Not all caravans are created equal. In fact, there are several different methods of construction when it comes to building your new caravan – and, as we’ll see, some construction methods are better suited to last.
With our rough terrain, offroading and long-haul distances in Australia, it’s important that your caravan can stand up against whatever adventure you face. Your caravan is essentially your home away from home – you need it to be reliable and to keep on keeping on, no matter where your adventures take you.
Whatever your preferred style or layout of caravan, it’s important to also understand the different construction methods that are used, and choose a caravan that has been built to last.
Our workshop is the largest caravan repair facility in WA, so we’ve seen underneath and inside the walls of almost every make and model of RV! Let’s take a look at some of the common ways of building an RV in the Australian caravan industry:
Stick and Staple
The stick and staple method may be quite popular among some caravan brands, as it’s a quick and cheap method of construction.
The stick and staple method takes a timber frame, with tin or aluminium cladding on the outside, held together primarily with glue and staples. This method has been popular among manufacturers over the decades, due to the fact that it’s cheap and economical to build and relatively strong.
The downside, a stick and staple van is very heavy – especially when compared to their modern counterparts.
One of the biggest drawbacks from the stick and staple method is that the caravan can be prone to rot. Timber has no tolerance for water, so if the van ever leaks, it can cause massive damage. With movement over time on uneven or corrugated roads, slight gaps can form between the sheeting, allowing moisture to soak in and cause frame rot. It doesn’t take long for rot to set in – we’ve seen it happen over and over to vans only a few years old!
Proper sealing can help prevent leaks, but even then, sealants have a shelf life. To avoid water ingress, stick and staple vans need to be re-sealed.
What’s more, over time and with movement, the joins and staples can loosen, weakening the design (especially as it then exposes the internals to the elements). The joins and staples don’t handle offroading particularly well at all.
While the stick and staple method may seem attractive due to the speedy, often affordable construction, the construction quality is generally quite poor. Due to the weakness of a timber frame and it’s tendency to rot, stick and staple caravans just aren’t built to stand the test of time as you tow them on your travels.
Aluminium is strong and lightweight, making it an attractive material to use for the construction of caravans. Aluminium frame construction methods generally stand up better than the stick and staple method – but just to complicate things further, there are a few different styles of aluminium frames to consider.
Part Aluminium Frame
Some caravans are constructed with a part aluminium frame connected to timber components. But, due to the use of timber, there are the same drawbacks as the stick and staple method. Timber is prone to rot if left unattended with any exposure to moisture. Part aluminium frames don’t travel as well as full aluminium frames.
Welded Aluminium frame
These caravans are lightweight and not afraid of water, making them an attractive choice over the stick and staple method which relies on timber. Wiring is easy through insulated grommets, and the design fundamentals are of a high quality.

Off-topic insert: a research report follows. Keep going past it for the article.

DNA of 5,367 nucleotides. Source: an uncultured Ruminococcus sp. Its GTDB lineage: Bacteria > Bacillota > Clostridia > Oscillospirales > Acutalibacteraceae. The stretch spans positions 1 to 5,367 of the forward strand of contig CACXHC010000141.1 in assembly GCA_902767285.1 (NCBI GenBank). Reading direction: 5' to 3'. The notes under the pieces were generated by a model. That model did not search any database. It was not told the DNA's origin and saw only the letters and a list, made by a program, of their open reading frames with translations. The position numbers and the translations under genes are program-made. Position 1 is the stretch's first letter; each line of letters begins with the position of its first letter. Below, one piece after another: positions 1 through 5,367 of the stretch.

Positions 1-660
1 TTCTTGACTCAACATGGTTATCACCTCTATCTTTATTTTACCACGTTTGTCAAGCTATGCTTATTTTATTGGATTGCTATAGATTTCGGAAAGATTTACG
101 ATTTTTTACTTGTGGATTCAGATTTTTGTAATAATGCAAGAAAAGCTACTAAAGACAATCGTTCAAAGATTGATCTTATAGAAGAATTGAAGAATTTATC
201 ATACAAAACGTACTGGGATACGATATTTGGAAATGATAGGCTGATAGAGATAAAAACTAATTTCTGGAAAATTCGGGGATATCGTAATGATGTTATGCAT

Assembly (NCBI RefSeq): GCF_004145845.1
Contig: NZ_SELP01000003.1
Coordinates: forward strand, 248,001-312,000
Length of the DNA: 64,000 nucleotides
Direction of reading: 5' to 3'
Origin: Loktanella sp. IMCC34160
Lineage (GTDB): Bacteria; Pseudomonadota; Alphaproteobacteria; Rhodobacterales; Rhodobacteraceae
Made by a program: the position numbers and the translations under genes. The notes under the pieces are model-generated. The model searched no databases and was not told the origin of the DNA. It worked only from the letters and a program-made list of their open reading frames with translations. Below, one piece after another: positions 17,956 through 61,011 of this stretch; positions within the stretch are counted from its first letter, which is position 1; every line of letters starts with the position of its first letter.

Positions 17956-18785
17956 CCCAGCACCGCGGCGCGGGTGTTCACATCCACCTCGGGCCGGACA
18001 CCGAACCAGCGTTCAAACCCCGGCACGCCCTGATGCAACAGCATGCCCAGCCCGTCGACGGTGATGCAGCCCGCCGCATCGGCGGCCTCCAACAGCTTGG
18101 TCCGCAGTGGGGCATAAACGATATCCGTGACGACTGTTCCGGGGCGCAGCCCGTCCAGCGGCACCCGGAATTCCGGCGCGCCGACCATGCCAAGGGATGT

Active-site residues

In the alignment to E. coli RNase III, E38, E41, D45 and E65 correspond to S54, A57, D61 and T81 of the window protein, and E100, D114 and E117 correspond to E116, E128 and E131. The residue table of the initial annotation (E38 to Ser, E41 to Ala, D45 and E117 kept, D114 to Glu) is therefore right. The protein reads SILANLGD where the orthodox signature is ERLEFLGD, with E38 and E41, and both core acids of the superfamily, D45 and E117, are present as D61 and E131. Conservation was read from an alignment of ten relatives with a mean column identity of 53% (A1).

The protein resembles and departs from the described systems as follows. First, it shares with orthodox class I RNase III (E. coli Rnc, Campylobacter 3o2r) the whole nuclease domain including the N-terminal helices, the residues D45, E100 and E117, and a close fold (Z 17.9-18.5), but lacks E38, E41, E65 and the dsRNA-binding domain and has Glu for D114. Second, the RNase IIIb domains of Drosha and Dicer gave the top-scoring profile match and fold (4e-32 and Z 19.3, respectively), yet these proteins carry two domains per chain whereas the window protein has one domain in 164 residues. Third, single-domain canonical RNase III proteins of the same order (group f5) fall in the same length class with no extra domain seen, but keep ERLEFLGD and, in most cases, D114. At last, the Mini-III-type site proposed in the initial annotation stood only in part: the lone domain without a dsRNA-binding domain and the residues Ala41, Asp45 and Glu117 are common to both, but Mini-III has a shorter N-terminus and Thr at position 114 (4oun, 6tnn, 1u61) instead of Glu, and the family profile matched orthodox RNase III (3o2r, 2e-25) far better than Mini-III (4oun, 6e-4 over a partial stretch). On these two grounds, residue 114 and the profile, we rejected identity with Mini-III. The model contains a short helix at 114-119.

Unfortunately, the welded joins do not provide optimum flexibility, which can often lead to cracking on uneven or corrugated roads.
Riveted Aluminium Frame
In this method, aluminium frame sections are riveted together, making it a light option and allows for flexing as the caravan travels over rough terrain. These caravans aren’t afraid of water, and the strong design leads to a high quality of build.
This method can be more costly, but the strong steel chassis offers a lightweight and high strength caravan construction solution. Check out our Pro RV caravans to see why a riveted aluminium frame is a solid choice.
Overall, aluminium is more costly than timber as a raw material so an aluminum frame can come with a higher price tag, but with its superior strength and water resistance, it’s much more suited to the job.
CNC Routed Structural Marine Ply
This method uses the ‘jigsaw method’ to create interlocking structures with millimetre precision. This is a very clever design, and the use of a computer-controlled cutting machine offers a perfect build every time. The marine grade materials offer excellent water resistance to avoid the issue of rot as experienced in the stick and staple method.
In our experience, the marine grade ply method is the strongest caravan design and most robust build, though they are heavier than caravans with an aluminium frame. Check out Wonderland RV to see the jigsaw wall construction method in action.
Choosing a new caravan is an important decision – you want to make sure your RV is reliable, trustworthy, travels well and will last no matter which adventures you undertake. While stick and staple method caravans may seem affordable, economical to build and are popular amongst many manufacturers, the timber frame is prone to rot, leading to the need for costly repairs or your van being out of use.
Aluminium frame RVs and those made from CNC routed structural marine ply are more durable, reliable and are built to last – everything you want in a caravan. To find out more about the different construction methods of caravan frames or to find the best style for you, get in touch with our friendly team at RV Solutions or explore our caravan sales Perth showroom today.
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